The issue of climate change has ushered in a whole new lexicon to describe the effects of the warming of the planet, as well as possible solutions. Living on Earth’s Ingrid Lobet reports on the emergence of a new term you’re likely to hear a lot more of – “low carbon fuel.”
CURWOOD: Low carb is a diet, right. Well nowadays, low carb doesn’t just mean low carbohydrate to slim down from the excesses of sugar and starch. It also means low carbon, to slim down the energy mix from the excess of carbon rich emissions of gases such as CO2 and methane, that promote global warming. Living on Earth’s Ingrid Lobet reports from Los Angeles on the emergence of low carbon in the lexicon.
LOBET: The other day, California Governor Arnold Schwarzenegger announced that refiners are going to have to start selling more alternative fuel in this state. Only he didn’t exactly say that. He said oil producers would have to start producing more “low carbon fuel” -- ten percent less carbon by 2020. At the announcement, the phrase was suddenly on all the speakers’ lips.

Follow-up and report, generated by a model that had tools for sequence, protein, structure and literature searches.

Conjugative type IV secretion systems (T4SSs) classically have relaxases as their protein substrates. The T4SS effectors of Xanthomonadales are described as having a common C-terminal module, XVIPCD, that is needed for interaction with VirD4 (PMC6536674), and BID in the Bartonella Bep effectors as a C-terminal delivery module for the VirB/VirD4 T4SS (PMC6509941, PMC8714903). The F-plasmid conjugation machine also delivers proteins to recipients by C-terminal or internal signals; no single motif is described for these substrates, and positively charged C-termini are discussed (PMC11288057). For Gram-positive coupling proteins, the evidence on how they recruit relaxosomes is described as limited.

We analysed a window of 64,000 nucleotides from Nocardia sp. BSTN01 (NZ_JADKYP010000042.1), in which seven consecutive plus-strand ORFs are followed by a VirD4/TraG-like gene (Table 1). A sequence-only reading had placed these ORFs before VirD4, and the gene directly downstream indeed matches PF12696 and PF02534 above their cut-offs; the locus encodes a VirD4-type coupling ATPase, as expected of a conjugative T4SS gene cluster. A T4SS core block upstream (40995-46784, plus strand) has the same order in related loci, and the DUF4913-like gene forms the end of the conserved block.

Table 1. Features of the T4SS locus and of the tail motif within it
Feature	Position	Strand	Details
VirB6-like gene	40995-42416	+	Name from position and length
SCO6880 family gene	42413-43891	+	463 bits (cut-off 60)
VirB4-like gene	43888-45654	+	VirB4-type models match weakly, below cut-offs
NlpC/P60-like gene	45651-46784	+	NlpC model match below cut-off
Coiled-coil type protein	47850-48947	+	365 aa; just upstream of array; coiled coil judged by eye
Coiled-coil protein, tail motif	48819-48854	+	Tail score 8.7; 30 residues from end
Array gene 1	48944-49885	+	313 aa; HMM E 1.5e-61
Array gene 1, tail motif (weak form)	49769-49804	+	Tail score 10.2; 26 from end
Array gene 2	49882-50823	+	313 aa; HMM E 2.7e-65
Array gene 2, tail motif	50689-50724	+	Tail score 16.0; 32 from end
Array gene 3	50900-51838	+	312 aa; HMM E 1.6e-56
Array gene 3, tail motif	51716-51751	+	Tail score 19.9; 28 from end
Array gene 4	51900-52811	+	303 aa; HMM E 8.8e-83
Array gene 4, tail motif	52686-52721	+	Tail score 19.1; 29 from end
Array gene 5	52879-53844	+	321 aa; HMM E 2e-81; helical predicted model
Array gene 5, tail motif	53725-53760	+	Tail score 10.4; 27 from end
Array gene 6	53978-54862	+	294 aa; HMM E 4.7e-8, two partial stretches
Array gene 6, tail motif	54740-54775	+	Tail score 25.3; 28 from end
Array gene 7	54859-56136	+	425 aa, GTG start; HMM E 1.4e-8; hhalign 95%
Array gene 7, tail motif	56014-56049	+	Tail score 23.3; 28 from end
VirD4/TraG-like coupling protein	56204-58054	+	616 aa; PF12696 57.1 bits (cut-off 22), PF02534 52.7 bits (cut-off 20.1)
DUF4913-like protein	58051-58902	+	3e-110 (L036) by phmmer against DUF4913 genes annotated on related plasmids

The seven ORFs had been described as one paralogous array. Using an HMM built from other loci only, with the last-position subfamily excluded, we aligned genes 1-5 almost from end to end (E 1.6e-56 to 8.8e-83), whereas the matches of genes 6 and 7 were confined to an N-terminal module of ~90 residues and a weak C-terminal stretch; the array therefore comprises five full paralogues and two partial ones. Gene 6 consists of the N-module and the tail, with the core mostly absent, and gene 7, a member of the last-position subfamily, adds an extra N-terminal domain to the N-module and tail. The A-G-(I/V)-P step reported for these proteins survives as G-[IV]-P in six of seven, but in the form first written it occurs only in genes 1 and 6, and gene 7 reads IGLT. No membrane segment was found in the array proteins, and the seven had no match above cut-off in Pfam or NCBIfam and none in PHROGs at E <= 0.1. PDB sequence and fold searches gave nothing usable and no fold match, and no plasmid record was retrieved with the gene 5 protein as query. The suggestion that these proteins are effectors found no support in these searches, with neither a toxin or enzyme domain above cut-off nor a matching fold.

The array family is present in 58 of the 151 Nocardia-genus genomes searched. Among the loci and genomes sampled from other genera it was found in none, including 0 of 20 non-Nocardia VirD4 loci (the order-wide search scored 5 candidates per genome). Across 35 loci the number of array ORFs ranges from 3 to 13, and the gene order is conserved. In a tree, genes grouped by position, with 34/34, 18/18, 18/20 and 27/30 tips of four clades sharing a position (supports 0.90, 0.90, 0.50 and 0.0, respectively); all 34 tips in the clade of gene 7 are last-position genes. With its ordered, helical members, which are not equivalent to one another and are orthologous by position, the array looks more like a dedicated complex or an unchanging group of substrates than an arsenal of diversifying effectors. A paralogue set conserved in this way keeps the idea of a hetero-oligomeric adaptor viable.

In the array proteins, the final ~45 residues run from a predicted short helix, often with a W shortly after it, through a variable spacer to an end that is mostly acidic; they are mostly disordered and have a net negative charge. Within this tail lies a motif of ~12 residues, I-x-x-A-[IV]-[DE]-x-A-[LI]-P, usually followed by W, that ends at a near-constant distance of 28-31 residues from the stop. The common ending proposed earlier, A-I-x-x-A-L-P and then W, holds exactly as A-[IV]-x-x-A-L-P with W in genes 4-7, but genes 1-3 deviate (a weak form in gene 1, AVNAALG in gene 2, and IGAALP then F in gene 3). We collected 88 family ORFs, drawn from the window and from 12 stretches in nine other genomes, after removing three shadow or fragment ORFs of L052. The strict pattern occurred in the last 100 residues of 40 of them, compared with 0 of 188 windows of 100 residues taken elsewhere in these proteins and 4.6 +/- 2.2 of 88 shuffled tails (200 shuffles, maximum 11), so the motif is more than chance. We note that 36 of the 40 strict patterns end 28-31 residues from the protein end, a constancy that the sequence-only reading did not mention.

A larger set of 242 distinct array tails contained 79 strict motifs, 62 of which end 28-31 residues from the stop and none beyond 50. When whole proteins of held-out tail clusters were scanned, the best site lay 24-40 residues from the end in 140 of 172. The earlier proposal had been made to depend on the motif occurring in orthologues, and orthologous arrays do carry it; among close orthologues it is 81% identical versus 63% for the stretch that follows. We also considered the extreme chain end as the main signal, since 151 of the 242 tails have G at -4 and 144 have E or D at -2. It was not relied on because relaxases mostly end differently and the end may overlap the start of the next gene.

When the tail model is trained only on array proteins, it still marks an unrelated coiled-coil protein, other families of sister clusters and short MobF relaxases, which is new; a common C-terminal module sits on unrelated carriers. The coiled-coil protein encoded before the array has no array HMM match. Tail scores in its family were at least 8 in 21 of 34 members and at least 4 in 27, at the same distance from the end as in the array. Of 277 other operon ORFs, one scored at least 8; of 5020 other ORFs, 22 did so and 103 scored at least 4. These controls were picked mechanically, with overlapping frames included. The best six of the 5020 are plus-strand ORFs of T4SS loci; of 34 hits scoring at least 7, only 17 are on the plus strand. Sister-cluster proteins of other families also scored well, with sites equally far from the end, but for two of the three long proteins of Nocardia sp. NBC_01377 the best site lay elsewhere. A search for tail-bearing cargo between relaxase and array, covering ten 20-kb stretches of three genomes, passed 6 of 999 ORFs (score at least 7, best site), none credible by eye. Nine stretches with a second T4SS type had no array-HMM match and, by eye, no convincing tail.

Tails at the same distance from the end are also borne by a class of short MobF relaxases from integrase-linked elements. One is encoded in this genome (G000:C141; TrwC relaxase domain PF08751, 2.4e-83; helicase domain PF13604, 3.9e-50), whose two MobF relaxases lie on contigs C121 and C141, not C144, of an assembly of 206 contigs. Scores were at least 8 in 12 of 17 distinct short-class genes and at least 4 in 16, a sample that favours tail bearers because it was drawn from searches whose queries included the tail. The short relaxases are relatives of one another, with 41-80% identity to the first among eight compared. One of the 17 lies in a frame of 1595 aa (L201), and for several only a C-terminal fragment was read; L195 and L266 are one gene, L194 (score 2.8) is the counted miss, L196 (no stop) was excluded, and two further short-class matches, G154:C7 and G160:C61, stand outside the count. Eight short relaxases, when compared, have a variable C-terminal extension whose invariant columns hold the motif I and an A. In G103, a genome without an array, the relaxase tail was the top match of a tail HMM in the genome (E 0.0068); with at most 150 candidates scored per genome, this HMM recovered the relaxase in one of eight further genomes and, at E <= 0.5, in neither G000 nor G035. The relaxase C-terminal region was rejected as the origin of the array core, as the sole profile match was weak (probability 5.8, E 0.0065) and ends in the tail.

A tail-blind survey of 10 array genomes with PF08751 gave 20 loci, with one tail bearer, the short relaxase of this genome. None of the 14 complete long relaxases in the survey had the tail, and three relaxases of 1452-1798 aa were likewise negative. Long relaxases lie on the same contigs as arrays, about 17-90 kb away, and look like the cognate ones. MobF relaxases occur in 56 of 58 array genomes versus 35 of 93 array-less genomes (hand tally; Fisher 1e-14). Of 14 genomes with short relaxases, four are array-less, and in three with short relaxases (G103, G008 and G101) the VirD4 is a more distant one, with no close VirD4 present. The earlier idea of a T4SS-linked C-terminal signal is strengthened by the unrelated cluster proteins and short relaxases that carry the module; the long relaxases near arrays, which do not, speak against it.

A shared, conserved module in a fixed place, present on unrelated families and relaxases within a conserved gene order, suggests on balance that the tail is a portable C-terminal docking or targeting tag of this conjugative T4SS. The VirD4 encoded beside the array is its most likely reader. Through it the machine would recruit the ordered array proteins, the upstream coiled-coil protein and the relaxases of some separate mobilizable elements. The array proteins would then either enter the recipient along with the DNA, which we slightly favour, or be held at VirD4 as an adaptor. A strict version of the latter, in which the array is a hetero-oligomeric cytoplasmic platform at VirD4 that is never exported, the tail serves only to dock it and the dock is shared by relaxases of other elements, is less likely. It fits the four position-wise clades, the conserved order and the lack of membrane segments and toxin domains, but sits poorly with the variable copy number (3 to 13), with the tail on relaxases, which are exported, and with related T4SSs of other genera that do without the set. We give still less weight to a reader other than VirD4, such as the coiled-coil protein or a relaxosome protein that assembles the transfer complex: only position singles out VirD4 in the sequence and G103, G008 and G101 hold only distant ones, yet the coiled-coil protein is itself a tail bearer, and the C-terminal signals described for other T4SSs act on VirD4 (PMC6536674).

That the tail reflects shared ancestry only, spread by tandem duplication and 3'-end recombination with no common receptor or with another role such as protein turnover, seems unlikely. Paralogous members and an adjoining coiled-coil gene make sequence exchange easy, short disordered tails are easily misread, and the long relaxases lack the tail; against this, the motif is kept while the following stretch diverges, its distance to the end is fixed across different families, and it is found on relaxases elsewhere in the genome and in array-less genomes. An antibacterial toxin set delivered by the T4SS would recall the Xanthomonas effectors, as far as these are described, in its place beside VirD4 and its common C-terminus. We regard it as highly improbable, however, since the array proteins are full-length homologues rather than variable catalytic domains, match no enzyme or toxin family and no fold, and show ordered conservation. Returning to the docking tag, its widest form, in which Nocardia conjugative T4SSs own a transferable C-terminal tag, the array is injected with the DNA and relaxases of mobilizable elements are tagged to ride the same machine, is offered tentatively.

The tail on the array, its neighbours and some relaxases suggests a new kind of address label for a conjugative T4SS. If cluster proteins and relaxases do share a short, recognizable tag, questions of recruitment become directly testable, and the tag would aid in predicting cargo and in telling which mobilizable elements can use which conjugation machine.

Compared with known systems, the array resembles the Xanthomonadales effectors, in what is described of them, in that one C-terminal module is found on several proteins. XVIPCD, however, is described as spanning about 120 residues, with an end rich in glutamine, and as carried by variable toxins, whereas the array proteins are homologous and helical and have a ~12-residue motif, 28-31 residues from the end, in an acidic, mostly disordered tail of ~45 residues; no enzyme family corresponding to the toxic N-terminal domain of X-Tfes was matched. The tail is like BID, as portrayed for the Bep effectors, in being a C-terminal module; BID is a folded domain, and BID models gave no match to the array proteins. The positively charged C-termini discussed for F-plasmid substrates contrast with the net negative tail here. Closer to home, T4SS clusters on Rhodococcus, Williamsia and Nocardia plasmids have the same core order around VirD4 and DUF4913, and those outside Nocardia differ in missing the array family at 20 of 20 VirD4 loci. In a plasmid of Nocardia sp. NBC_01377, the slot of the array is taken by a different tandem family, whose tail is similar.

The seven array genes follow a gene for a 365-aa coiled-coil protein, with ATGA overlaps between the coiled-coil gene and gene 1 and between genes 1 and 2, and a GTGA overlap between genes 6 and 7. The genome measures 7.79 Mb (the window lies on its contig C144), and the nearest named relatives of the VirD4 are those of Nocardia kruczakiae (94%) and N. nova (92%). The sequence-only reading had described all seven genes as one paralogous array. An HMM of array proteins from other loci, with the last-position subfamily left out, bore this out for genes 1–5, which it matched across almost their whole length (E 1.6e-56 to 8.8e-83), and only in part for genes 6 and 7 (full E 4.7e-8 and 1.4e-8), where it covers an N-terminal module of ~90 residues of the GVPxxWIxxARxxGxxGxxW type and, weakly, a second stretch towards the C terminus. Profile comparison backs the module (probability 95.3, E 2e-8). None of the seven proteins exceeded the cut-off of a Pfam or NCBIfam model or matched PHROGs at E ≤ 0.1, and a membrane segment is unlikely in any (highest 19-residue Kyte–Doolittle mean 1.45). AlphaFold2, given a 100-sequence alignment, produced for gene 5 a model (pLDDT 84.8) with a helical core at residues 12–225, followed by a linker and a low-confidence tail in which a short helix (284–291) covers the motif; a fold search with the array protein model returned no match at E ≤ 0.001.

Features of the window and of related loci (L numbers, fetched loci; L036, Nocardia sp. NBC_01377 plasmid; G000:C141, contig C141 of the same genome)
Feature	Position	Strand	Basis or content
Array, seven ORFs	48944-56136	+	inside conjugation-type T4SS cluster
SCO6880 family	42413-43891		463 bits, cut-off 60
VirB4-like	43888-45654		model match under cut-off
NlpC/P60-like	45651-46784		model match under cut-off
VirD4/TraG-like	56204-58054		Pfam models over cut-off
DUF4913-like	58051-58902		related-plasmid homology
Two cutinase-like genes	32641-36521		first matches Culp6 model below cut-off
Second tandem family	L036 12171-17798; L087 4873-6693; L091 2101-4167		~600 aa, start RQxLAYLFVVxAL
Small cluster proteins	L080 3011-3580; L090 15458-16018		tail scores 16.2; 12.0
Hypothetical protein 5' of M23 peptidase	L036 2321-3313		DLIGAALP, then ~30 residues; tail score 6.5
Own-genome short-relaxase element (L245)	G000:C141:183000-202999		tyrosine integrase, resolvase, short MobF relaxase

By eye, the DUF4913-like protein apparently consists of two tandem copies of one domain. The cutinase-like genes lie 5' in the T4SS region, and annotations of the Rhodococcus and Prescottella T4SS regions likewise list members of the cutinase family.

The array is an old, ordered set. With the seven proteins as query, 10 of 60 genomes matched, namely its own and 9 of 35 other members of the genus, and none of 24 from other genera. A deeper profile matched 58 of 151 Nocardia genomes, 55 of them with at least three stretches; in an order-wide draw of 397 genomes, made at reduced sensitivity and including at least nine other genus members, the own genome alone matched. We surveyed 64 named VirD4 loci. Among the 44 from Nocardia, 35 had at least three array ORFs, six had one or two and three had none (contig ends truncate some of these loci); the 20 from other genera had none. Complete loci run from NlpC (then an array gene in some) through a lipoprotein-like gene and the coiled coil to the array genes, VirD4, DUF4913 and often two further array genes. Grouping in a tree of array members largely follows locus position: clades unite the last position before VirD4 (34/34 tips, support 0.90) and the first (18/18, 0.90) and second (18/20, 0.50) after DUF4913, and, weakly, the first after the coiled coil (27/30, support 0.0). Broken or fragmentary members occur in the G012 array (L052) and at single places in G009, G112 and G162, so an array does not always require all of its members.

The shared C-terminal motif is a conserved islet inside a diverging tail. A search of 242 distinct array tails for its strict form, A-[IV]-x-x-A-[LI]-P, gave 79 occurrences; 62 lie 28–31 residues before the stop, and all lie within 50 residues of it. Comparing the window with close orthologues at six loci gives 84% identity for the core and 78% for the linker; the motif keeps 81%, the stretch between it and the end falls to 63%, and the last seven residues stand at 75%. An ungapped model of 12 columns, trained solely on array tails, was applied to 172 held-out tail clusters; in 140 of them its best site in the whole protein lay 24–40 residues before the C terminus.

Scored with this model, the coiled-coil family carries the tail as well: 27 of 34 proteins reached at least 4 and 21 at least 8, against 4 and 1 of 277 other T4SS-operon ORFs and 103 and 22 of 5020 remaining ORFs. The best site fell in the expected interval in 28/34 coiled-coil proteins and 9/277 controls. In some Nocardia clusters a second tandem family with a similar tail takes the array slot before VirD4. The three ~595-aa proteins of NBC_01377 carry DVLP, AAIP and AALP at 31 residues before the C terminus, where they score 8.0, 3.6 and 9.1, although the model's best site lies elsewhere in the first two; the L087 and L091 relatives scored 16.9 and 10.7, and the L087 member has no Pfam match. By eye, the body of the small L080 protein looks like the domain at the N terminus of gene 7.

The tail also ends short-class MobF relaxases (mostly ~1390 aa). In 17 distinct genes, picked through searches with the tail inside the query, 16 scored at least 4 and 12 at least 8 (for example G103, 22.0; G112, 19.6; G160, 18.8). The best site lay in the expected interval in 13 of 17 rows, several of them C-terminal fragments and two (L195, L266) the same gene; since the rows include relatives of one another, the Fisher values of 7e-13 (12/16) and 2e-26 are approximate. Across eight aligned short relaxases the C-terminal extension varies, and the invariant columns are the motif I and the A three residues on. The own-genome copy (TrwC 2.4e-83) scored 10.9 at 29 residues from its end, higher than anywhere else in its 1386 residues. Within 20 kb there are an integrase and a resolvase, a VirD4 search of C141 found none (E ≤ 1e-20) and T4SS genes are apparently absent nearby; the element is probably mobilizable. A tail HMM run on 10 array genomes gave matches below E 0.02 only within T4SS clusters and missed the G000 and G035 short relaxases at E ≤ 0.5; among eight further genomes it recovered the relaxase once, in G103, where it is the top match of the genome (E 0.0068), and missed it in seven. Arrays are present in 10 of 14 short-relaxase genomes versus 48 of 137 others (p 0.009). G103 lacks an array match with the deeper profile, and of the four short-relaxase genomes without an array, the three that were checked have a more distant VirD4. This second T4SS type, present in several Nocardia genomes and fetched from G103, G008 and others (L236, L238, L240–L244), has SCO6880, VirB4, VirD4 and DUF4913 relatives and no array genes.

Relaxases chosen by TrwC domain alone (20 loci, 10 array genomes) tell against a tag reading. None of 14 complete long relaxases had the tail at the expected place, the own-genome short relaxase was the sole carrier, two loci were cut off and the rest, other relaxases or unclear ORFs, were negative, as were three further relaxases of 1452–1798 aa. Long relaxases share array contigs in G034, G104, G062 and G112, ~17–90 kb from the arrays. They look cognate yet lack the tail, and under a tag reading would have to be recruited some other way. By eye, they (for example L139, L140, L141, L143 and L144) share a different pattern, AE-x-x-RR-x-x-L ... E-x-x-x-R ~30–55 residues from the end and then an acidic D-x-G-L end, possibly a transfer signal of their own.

[TAPE MONTAGE OF LOW CARBON FUEL]
It’s easy to see why the governor would announce such a change—California has now capped the amount of carbon it’s allowed to emit. You can expect this new fuel rule to be just one in an ongoing string of carbon-clamping measures.
But what about the use of that phrase? One that few, if any people, have heard before, or can define? It turns out the state is trying to do something new: Ethanol is a compound with two molecules of carbon, compared with eight molecules of carbon in gasoline. But some ethanol, and other so-called alternative fuels, require tons of carbon energy and carbon-based fertilizers and pesticides to grow, then they are transported in tankers that burn carbon fuel to distilleries or refineries that burn more carbon fuel. California is trying to distinguish among the various ethanols and biodiesels, and favor only those biofuels that use less net carbon in their creation and transport.
At transportation research centers at UC Davis and Berkeley, engineers are working out the details for carbon-grading each fuel. They’ll take into account – did it come from corn, or from a waste product? Was it distilled using coal-fired electricity? Or using methane captured off dairy cow manure?
And it turns out the researchers making these calculations will be trading notes with European colleagues. The European Union just proposed a low-carbon standard for its fuels that is almost identical to California’s.
Will other states mandate low-carbon fuel? Their first step would probably be to pass a carbon cap in their legislature. Maryland, Florida and New York may soon consider such moves.
For Living on Earth, I’m Ingrid Lobet.
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